FLORENCE GILKESON: Sad Farewell To Our Office In Carthage
Woodrow Wilhoit was not an editor, but in many ways he personified the traditional "editorial we."
That definition dates back to the days when most newspapers were small and provincial. The editor often was the only employee. That meant he sold ads, gathered and wrote news, wrote editorials, put the newspaper together, ran the press, delivered the paper, kept the accounts and collected payments. That justified a plural pronoun.
For years, Woodrow was the go-to guy for multiple services while he worked for The Pilot. As head of our Carthage bureau, Woodrow covered all the news in and about Carthage, and he knew everything and everyone in town.
He covered Town Board meetings, Chamber Council meetings, church events, Rotary activities, and oh how he did cover sports events, especially all athletics at Union Pines High. He took advertisements, handled subscriptions, answered questions and was all things to all people.
When The Pilot assigned me to Carthage, the newspaper never intended me to follow in Woodrow's footsteps. No one could do that. Still, the people of Carthage and even to the north and west of town managed to find this office in its convenient location in the block beyond the historic courthouse and across the street from the Courts Facility.
Although I had covered county government for The Pilot since the late 1970s, I still felt new when I moved into this office with fellow reporter John Chappell and the late Carolyn Lewis, who worked part-time helping with office duties and with the Moore County Telephone Directory.
Despite their warm welcome, some Carthaginians regarded me warily as if I were an upstart trying to follow in Woodrow's footsteps.
One businessman eyed me with suspicion when I took my car to his garage for inspection. He eyed my registration address, which of course was in Laurinburg, then asked why I was in Carthage. I told him about our new office and its location, only to have him ask about Woodrow. He continued to look suspicious, even after I told him that Woodrow was in poor health, was a patient at Pinelake and no longer worked for The Pilot. (Woodrow died in 2001).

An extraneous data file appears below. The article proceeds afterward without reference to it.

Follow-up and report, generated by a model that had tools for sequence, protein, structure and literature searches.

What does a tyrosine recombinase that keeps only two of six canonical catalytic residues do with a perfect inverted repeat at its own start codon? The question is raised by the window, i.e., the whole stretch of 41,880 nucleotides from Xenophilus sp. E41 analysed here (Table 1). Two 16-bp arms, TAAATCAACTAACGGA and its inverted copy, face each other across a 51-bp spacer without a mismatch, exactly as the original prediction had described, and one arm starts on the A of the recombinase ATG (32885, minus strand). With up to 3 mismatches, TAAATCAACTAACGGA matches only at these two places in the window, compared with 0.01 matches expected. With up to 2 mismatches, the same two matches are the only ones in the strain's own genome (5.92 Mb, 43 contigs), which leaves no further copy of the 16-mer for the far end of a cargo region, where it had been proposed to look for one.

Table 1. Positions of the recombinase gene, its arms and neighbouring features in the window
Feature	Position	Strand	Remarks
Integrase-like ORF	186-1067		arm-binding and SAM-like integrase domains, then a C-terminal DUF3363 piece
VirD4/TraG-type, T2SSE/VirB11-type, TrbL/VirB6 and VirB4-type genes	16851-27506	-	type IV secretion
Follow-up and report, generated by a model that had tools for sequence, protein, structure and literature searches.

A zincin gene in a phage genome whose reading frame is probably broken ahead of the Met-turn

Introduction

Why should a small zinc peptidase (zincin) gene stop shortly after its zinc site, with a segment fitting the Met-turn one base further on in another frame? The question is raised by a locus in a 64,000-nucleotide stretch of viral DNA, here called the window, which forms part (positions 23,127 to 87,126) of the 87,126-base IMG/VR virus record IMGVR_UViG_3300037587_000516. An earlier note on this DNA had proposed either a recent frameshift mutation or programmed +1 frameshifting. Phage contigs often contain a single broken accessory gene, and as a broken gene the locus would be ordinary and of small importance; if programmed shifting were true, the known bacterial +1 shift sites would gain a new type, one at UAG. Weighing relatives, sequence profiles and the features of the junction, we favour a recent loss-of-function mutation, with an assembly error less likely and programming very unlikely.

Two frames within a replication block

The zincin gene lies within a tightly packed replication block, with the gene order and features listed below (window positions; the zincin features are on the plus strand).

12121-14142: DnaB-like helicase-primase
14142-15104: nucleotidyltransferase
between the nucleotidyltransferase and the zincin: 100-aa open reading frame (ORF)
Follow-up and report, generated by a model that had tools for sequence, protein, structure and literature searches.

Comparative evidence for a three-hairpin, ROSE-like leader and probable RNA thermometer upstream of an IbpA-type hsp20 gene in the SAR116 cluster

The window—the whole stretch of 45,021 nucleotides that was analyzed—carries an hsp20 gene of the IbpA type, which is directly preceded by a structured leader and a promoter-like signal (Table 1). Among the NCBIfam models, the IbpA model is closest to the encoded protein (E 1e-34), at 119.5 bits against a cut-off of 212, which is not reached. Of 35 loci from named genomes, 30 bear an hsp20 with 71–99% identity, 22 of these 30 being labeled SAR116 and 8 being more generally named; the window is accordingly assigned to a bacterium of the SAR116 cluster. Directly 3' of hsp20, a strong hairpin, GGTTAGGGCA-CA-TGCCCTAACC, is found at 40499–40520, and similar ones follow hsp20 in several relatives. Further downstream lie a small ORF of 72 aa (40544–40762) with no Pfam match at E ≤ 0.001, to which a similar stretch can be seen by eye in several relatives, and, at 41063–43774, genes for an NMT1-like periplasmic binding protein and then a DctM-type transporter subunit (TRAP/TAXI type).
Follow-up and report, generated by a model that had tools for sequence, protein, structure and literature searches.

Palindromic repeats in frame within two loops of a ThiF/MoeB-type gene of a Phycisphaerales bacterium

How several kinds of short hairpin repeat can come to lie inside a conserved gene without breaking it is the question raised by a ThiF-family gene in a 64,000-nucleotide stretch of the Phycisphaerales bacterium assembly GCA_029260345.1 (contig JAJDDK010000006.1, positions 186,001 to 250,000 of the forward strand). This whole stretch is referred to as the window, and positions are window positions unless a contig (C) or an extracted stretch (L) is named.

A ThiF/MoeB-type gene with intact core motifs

But I felt welcome here almost from day one. People dropped by to say hello. I was the recipient of home-grown flowers and garden-fresh tomatoes and squash.
By the time you read this, I will no longer be in the Carthage office. The Pilot has closed its office in the county seat and has called me back to the main office in Southern Pines, where I started out in October 1978 when Sam Ragan was editor and publisher. The offices there are now twice the size they were in those days, and the technology changes are mind-boggling. It will not be the same.
I will miss Carthage and the sound of the Bicentennial clock across the street on the Courts Facility plaza, maybe even the noisy street in front of this building. And I will miss the beautiful yards that bloom so gloriously every spring. Most of all I will miss the people.
The return to Southern Pines will shorten my commuting time from Laurinburg by about 20 minutes, but I will miss the convenience of dropping in at the courthouse, the Ag Center, the Elections office, the Planning Department, and the Animal Shelter, just to name a few.
The decision to close this office was not mine. The Pilot is not abandoning Carthage by any means. I will continue to cover county government and related subjects. And John Chappell will continue to cover the news of Carthage and Robbins and other parts of northern Moore County.
You can still drop in on me. You'll just have to come to Southern Pines, and remember, parking there is no worse than it usually is in Carthage.
I'm on vacation this week but hope to see you soon.
Contact Florence Gilkeson at 947-4962 or by e-mail at firstname.lastname@example.org.
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